There was a spell in the 1990s when TurtleSoft seriously considered selling out to a bigger competitor, and moving on to something new. One possibility was Timberline Software (the biggest construction software at the time). Discussions with them went in circles, and ended up nowhere. A couple years later I talked with one of their ex-salesmen at a trade show. He described them like this: “Timberline grew too fast. It created a vacuum in the middle, which sucked in layers upon layers of assholes.”

I suspect that same history may apply to Apple and Microsoft. They were young and feisty underdogs in the late 1980s. Our first products used their tools, which were productive and sometimes even fun to use. Now both companies are fat and arrogant monopolies, with too many layers in the middle.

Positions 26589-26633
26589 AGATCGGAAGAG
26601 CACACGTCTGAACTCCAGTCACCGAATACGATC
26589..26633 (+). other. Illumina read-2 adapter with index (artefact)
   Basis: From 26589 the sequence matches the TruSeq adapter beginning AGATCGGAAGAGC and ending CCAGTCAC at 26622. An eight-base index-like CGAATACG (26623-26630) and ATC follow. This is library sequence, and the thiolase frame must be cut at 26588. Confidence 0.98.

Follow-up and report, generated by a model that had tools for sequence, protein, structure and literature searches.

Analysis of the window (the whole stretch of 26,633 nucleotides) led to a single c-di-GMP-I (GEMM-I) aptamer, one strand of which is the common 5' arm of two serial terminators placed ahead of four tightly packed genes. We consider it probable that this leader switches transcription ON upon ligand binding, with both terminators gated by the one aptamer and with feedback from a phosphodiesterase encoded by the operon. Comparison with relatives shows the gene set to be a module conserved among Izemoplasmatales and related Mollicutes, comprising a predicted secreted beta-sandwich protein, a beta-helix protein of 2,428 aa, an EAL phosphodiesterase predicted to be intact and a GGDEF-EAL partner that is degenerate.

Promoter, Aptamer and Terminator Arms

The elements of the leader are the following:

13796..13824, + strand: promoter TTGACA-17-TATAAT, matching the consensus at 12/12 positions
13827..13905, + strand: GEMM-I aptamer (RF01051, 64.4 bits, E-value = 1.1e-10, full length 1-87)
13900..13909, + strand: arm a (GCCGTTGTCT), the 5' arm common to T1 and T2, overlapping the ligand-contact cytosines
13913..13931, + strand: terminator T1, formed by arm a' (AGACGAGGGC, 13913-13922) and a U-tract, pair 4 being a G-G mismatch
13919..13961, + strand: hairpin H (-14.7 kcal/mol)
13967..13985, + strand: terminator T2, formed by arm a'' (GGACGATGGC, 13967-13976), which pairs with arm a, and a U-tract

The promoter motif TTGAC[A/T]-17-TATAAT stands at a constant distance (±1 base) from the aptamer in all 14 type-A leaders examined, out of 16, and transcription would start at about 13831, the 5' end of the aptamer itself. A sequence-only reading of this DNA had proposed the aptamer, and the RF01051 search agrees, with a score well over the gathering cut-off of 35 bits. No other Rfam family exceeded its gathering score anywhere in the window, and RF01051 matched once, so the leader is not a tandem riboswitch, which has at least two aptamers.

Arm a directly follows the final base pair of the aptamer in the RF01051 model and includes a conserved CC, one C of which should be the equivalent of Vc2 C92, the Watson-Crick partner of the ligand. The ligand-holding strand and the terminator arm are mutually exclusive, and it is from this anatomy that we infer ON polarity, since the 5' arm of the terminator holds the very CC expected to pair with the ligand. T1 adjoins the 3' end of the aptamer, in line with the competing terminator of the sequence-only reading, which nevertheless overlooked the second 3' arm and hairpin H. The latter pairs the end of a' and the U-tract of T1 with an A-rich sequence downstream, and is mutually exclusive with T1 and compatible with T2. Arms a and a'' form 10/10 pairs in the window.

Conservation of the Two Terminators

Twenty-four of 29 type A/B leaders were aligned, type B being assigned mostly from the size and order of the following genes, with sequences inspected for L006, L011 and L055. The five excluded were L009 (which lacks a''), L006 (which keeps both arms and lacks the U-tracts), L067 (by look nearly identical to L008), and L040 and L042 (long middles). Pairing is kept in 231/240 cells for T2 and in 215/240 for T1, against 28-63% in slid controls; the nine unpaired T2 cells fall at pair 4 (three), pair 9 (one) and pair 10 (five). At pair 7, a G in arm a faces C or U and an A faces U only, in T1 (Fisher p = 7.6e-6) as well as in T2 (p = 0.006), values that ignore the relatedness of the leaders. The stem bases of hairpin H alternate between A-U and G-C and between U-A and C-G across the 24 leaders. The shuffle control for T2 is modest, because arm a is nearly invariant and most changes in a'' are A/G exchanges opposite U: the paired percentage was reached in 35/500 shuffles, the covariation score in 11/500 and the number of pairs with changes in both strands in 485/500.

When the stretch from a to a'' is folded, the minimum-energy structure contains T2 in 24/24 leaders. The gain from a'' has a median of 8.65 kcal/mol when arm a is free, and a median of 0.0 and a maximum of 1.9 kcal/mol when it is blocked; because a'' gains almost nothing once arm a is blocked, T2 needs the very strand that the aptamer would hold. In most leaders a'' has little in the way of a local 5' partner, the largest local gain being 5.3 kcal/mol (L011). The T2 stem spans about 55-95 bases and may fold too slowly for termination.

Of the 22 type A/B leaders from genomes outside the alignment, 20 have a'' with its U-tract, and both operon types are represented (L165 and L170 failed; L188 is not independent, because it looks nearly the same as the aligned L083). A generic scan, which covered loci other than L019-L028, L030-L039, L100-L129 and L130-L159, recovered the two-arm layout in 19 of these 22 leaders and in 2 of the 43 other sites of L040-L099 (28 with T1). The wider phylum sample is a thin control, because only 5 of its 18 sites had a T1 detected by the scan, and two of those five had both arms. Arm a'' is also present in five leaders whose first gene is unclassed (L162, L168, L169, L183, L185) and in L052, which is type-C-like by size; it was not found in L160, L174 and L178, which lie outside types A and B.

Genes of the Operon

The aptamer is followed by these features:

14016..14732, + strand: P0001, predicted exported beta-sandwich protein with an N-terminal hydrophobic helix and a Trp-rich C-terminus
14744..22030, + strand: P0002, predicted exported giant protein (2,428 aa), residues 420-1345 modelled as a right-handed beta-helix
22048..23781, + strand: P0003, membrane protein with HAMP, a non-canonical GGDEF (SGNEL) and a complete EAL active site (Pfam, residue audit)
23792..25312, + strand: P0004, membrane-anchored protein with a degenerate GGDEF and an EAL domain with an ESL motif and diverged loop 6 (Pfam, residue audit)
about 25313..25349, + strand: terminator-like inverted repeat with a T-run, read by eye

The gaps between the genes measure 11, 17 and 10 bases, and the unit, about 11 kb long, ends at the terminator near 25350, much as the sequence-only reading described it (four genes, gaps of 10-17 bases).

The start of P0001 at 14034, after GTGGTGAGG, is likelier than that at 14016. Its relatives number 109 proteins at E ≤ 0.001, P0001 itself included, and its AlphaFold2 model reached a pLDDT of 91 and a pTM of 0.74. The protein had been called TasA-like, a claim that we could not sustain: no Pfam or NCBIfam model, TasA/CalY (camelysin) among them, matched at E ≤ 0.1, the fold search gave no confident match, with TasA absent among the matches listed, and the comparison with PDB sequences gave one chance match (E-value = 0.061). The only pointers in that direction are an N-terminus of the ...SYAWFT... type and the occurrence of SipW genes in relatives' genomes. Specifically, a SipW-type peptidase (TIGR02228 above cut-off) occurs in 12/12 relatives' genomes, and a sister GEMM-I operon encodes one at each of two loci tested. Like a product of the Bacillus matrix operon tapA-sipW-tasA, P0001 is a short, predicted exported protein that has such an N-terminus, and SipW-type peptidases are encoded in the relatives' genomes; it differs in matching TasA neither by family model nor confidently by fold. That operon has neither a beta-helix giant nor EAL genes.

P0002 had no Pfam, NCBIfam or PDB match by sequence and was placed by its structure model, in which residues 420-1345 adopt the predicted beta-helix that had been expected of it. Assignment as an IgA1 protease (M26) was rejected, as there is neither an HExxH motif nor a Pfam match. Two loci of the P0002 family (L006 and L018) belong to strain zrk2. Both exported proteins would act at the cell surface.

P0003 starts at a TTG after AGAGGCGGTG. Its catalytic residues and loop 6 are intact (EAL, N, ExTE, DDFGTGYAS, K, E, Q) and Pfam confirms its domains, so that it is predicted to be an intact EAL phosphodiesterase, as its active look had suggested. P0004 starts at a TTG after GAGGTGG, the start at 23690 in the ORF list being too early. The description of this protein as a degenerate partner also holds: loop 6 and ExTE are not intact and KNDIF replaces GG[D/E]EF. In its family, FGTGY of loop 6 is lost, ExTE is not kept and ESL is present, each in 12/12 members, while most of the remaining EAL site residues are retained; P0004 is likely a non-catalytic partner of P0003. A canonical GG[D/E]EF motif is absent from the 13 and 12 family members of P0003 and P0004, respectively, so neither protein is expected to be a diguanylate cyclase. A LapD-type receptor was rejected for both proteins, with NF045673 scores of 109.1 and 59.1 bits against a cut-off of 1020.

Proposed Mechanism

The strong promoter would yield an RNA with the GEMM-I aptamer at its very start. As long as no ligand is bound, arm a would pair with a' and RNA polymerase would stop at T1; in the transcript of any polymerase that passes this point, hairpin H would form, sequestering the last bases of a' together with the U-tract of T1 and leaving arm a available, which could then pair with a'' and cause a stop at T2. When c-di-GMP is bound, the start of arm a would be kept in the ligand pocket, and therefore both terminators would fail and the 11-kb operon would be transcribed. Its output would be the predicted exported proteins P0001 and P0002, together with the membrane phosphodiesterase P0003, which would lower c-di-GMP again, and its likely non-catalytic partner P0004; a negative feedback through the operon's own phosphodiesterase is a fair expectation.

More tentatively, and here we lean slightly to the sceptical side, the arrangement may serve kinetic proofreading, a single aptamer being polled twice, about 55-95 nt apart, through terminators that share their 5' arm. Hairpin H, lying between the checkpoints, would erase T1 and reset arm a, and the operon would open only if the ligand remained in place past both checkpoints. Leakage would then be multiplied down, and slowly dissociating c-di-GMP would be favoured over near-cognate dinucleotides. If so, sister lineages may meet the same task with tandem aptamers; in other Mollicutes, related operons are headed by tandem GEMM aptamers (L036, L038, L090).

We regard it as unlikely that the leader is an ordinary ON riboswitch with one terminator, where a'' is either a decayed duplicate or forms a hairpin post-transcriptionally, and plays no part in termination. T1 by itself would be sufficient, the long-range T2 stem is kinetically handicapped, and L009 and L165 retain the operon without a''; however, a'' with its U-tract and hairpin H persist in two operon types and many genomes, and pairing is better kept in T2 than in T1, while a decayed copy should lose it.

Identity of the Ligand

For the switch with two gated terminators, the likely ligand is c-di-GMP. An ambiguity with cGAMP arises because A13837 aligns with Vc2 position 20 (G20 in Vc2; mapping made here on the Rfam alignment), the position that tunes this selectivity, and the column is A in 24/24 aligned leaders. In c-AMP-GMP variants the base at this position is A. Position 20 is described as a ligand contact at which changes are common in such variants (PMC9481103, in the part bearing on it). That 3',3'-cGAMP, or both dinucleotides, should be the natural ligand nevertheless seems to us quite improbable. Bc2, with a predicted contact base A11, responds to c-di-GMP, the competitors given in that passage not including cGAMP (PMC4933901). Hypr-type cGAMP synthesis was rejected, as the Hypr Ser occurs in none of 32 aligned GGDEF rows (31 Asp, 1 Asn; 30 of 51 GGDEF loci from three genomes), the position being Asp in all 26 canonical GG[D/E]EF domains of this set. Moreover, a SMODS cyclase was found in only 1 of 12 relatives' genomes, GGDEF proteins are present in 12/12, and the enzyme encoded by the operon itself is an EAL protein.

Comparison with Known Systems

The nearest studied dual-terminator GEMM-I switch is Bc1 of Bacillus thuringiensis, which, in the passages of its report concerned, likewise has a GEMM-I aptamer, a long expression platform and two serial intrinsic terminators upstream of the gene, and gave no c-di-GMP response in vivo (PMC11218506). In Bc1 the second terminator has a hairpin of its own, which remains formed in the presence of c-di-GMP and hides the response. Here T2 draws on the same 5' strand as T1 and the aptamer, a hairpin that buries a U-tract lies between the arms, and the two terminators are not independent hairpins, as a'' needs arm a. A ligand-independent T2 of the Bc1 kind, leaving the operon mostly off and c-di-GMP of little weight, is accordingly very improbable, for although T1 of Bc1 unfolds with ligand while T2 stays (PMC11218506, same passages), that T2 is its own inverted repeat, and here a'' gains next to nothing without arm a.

QT is much smaller. We’ll soon find out if that helps.

Dennis Kolva
Programming Director

Goldenseal Pro Progress- Shifting Gears #2 (Jun 22)

A couple weeks ago we decided to switch gears, and use a very new framework (Windows UI 2.4) to build Goldenseal Pro for Windows, rather than a very old one (MFC).

When learning a new system, it always helps to start with sample apps. In fact, the ideal way to create a new app is to start with something that already works, and then add to it one step at a time.

So we downloaded a few samples and tried to build them. They needed other Microsoft libraries to run, so we downloaded and installed those. Then they needed even more libraries, using something called NuGet. Running it just gave mystery error messages: probably because it couldn’t find the necessary files on Microsoft’s servers. We searched the web for answers, tried a half dozen suggestions, and got nowhere. Dead in the water.

It’s a really bad sign when you spend 10 or 20 hours on something and can’t even get started.